The Elmira Star-Gazette recently published a letter written by my cousin Pat O’Donnell. Although I agree with my cousin on many matters, there are a few on which we differ. One subject on which our opinions vary is tort reform and the cost of health care in America. First, let me share my cousin’s letter, then I’ll explain why I feel I must dispute his argument.
From the Elmira Star-Gazette, Feb. 19, 2010:
“Most Americans agree we need health care reform. What we do not want is for the government to take over the industry. Start with tort reform. Doctors are paying six-figure checks for malpractice insurance a year, and these figures increase yearly, as do all our premiums. The reason Washington does not want to address this problem is most of them are lawyers (with friends who are lawyers) getting rich on malpractice law suits.
The second problem to tackle is the sale of insurance across state lines (you can buy insurance only from a company within your own state). Open up the lines – its called competition – which in turn make you sharpen your pencil when you quote your goods.
Next – jobs. Unemployment’s hovering around 10 percent; we tried to spend our way out time and time again, but it does not work. Cut taxes across the board. If we Americans have more, we spend more. Consumer spending creates jobs. It’s time we stand up to the corruption once and for all. Maybe its time we elected some people that actually live the life the people now in Washington so want to control.”
– Pat O’Donnell
To counter Mr. O’Donnell assertions, I can begin with the results of a comprehensive study published by University of Connecticut Law Professor Tom Baker. He revealed that the cost of all malpractice claims in the United States – including legal fees, insurance costs, and payouts – amounts to less than one-half of 1 percent of all U.S. health care spending.
I’d also like to share this CNN clip of Senator Richard J. Durbin making a strong, compelling argument against the Republican push for malpractice reform:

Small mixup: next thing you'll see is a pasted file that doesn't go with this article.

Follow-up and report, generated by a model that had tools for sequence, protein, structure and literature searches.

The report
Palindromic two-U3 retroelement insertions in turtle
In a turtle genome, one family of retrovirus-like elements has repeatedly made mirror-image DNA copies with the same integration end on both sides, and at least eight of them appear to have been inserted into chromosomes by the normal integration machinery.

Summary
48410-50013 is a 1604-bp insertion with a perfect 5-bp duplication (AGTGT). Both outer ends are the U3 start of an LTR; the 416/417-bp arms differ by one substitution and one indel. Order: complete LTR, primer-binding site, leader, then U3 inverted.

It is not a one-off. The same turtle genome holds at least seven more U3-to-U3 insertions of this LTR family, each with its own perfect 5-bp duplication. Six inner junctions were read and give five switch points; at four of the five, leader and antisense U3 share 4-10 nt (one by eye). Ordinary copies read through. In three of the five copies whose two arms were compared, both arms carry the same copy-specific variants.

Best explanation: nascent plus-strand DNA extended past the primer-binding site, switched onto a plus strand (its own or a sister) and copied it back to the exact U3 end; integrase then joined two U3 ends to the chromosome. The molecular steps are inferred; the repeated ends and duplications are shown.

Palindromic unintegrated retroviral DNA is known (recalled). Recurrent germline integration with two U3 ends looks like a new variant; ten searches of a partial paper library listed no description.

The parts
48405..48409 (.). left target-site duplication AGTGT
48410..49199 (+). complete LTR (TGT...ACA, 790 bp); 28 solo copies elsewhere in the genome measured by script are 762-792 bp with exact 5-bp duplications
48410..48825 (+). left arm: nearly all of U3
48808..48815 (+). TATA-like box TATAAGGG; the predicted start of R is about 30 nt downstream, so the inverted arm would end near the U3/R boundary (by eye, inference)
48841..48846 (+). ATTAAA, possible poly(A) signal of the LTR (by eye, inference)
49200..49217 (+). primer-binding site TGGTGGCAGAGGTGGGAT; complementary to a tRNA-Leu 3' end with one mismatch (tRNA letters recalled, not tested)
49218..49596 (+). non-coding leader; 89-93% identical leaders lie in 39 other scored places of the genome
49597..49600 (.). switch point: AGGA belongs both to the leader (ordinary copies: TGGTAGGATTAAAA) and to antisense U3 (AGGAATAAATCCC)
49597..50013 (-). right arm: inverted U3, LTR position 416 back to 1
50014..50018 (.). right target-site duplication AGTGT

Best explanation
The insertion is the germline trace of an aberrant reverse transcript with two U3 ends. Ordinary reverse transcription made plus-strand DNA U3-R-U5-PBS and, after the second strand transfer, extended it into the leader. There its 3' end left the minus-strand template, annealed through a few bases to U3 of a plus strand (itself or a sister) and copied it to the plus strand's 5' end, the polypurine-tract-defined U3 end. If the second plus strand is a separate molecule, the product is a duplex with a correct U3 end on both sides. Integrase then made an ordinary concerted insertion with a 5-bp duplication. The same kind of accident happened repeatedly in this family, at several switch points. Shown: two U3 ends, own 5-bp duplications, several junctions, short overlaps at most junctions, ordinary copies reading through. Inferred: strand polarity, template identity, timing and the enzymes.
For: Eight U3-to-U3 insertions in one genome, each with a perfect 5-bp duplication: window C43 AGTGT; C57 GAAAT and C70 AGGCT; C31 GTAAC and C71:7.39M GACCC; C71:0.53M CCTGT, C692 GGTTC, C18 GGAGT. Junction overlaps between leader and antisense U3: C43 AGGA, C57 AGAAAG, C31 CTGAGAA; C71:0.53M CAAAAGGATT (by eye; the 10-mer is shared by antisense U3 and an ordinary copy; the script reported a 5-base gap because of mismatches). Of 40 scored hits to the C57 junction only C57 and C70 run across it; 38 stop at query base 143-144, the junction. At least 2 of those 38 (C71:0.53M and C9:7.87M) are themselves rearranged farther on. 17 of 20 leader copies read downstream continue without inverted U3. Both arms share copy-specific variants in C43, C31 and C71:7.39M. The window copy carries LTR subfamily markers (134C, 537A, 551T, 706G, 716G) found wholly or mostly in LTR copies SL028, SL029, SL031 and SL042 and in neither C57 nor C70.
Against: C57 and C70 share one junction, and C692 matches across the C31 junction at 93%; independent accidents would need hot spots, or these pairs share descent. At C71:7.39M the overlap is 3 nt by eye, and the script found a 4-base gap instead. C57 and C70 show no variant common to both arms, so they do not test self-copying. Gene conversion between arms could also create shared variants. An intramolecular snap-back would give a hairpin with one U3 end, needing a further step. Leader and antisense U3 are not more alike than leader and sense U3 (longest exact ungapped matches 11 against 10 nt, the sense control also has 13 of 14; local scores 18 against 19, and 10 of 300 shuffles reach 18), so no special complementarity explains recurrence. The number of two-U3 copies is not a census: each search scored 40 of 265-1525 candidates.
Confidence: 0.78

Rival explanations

Simply put, lawsuits are not to blame for our health care system’s deficiencies – they are simply political scapegoats.
Malpractice claims actually decrease spending by encouraging doctors to perform properly, avoiding costs associated with caring for people injured by their mistakes.
Moreover, tort reformists want to shift responsibility from private insurance companies to taxpayers.
According to the Institute of Medicine, 98,000 people die from malpractice each year. Currently, victims are compensated by negligent doctors’ insurance companies. By limiting doctors’ exposure to lawsuits, victims will have to look to public entities to cover future medical treatment, lost wages and physical and occupational rehabilitation.
Yes, that’s right– if you limit recoveries in lawsuits, the medical costs will be borne by YOU the taxpayer rather than the medical malpractice insurance carrier!
Although tort reform has the potential to save money – by allowing doctors to save negligible amounts of money in insurance premiums – it is much more likely to lead to increased costs for the rest of us.
As I mentioned, my cousin and I have many opinions in common, but this is a subject on which we diverge. I’m sure Mr. O’Connell will agree with me in an appreciation of a healthy debate!
Christina Bruner Sonsire, Esq.
NY & PA Injury & Malpractice Lawyer
Ziff Law Firm, LLP
303 William Street
Elmira, New York 14902-1338
Toll-Free: 800.ZIFFLAW (943.3529)